As you would expect both drives throughly trounce SAS, even a 16Gbps SAS interface has half the throughput of a 4x PCIe3 connection. Likewise the PCIe stack is a lot quicker to traverse than a PCIe connected SAS card, something that shows up as a commanding latency lead for the new devices. Throughput also puts SAS devices to shame and the gap grows with queue depth but is always a large multiple.

How do the new twins get their speed? Intel lists four main ways of getting the performance out of the drives, reservations, scatter gather lists, multiple namespaces, and in controller buffers. All do different things but have one goal based on the multi-user, multi-tenant, multi-threaded world of enterprise apps, having a lot of outstanding requests. All four advances are aimed at making such multiple request scenarios more efficient in various ways and to eliminate bottlenecks.

Four groups of advances for Intel SSDs

Four advances for four drives

Reservations are simple, they are just a method of allocating who can write to a device at any given time. This prevents thrashing at the cost of a little higher latency in some cases, not the end of the world. In exchange for this delay each write takes less time so for multiple writes, they all get done faster. Reservations eliminate overhead.

Next up is quite interesting, a scatter/gather list in host memory rather than on the driver or controller. If there are a lot of little writes the driver on the host will bunch them up and send them as one I/O operation saving tons of overhead versus a lot of little operations. This can improve throughput massively in corner cases like database work and little obscure jobs like that. Don’t underestimate scatter/gather lists, they can make a massive difference for several important job types.

Next up is multiple namespaces per device, and it does just what it sounds like. Instead of a drive being seen as a single drive, it can be sen as multiple drives or have different names for each host. This is quite useful if you have multiple controllers hooked up to multiple drives. In a two host, two drive scenario each drive can see the directly connected device as “local drive” and the remote drive as “remote drive”. This will allow you to do lots of failover and redundancy tricks without flooding both drives with extraneous requests. Storage architects love this kind of feature.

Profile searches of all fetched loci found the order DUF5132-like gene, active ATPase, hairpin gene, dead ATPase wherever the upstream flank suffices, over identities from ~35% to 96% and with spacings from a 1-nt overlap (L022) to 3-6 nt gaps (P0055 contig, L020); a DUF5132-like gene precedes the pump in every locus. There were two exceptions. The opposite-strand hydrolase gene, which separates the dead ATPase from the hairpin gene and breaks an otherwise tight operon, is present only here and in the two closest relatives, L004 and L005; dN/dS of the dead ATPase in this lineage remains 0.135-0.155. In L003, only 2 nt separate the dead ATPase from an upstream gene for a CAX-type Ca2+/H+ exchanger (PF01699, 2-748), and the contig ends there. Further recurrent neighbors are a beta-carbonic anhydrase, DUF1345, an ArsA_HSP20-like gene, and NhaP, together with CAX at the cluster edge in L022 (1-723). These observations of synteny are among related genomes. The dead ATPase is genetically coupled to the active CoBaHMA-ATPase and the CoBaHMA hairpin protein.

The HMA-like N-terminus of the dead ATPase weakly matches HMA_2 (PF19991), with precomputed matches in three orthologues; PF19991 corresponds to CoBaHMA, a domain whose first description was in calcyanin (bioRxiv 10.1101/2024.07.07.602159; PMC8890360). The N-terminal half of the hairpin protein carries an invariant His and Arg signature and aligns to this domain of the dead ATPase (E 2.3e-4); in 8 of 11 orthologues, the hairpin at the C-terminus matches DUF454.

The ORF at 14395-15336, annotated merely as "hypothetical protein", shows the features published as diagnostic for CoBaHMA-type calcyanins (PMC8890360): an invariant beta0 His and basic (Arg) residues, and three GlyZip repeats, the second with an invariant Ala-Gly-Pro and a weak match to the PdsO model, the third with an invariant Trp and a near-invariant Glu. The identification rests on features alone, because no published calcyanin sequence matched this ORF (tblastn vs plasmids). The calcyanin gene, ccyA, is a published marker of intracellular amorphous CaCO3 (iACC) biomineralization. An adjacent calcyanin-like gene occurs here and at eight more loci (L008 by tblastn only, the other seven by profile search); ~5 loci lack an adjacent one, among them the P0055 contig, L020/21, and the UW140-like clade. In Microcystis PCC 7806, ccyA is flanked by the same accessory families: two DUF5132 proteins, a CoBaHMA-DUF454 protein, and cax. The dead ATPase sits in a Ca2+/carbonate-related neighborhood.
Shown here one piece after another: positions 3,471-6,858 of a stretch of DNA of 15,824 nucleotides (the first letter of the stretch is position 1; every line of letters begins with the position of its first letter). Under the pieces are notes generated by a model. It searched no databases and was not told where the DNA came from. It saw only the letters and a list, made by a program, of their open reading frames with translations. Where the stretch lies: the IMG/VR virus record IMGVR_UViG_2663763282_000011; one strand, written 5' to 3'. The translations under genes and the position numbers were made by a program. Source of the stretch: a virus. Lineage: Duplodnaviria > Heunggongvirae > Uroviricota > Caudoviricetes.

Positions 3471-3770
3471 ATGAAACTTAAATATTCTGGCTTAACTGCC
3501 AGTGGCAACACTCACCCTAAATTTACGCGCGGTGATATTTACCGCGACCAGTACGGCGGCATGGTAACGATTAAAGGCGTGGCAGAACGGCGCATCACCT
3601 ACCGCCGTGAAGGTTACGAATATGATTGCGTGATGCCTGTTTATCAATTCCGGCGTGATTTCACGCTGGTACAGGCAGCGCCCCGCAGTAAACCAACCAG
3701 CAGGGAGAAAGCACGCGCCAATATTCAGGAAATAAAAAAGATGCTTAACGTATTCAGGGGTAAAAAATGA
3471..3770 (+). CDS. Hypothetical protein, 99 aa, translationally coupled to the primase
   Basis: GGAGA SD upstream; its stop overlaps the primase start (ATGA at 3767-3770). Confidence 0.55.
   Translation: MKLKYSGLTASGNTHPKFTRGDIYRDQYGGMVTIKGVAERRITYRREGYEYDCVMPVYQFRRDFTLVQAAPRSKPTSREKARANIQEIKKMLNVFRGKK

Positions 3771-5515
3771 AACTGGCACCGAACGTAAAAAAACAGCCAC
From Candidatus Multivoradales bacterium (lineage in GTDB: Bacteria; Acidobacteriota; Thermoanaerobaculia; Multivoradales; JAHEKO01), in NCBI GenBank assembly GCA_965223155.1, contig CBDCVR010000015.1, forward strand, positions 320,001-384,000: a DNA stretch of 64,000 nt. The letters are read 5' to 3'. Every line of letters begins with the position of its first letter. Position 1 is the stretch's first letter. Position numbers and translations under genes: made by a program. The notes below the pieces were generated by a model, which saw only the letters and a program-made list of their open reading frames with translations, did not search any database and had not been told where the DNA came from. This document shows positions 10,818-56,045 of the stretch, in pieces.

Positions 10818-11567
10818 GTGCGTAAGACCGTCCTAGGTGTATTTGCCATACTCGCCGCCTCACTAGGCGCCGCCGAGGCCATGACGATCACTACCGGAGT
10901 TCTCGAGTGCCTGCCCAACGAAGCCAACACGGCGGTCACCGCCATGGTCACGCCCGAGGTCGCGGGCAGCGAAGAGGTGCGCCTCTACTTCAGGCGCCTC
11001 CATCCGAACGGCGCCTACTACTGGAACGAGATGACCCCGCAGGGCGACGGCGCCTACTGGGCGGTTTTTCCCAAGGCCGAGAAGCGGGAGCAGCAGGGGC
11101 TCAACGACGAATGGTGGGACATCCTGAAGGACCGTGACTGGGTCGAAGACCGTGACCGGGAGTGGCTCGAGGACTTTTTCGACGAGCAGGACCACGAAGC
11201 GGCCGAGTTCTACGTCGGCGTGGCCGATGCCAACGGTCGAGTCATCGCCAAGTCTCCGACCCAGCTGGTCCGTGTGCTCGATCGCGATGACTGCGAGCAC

Last up is the moving of the buffer from host memory to the drive controller itself. This adds quite a bit of cost to the controller because enterprise level buffers tend to be pretty big, but it is worth the cost. Instead of an I/O queue request needing to traverse the SAS and/or PCIe busses, they are now kept locally. It doesn’t take a genius to realize that this will drop latency by large chunks, and that is exactly what Intel is claiming for the D3x00 lines.

So in the end there are four new drives, two iterative ones that sport 3D NAND and two new ones that are dual ported PCIe/NVMe. All are enterprise focused, all are high-end devices, and all are serious advances over their SATA or SAS predecessors. Given the large multiple gains in performance both lines offer there doesn’t seem to be any reason to stick with the old ways, and that is a really good thing.S|A

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Charlie Demerjian

Roving engine of chaos and snide remarks at SemiAccurate
Charlie Demerjian is the founder of Stone Arch Networking Services and is a technology news site; addressing hardware design, software selection, customization, securing and maintenance, with over one million views per month. He is a technologist and analyst specializing in semiconductors, system and network architecture. As head writer of, he regularly advises writers, analysts, and industry executives on technical matters and long lead industry trends. Charlie is also a council member with Gerson Lehman Group. FullyAccurate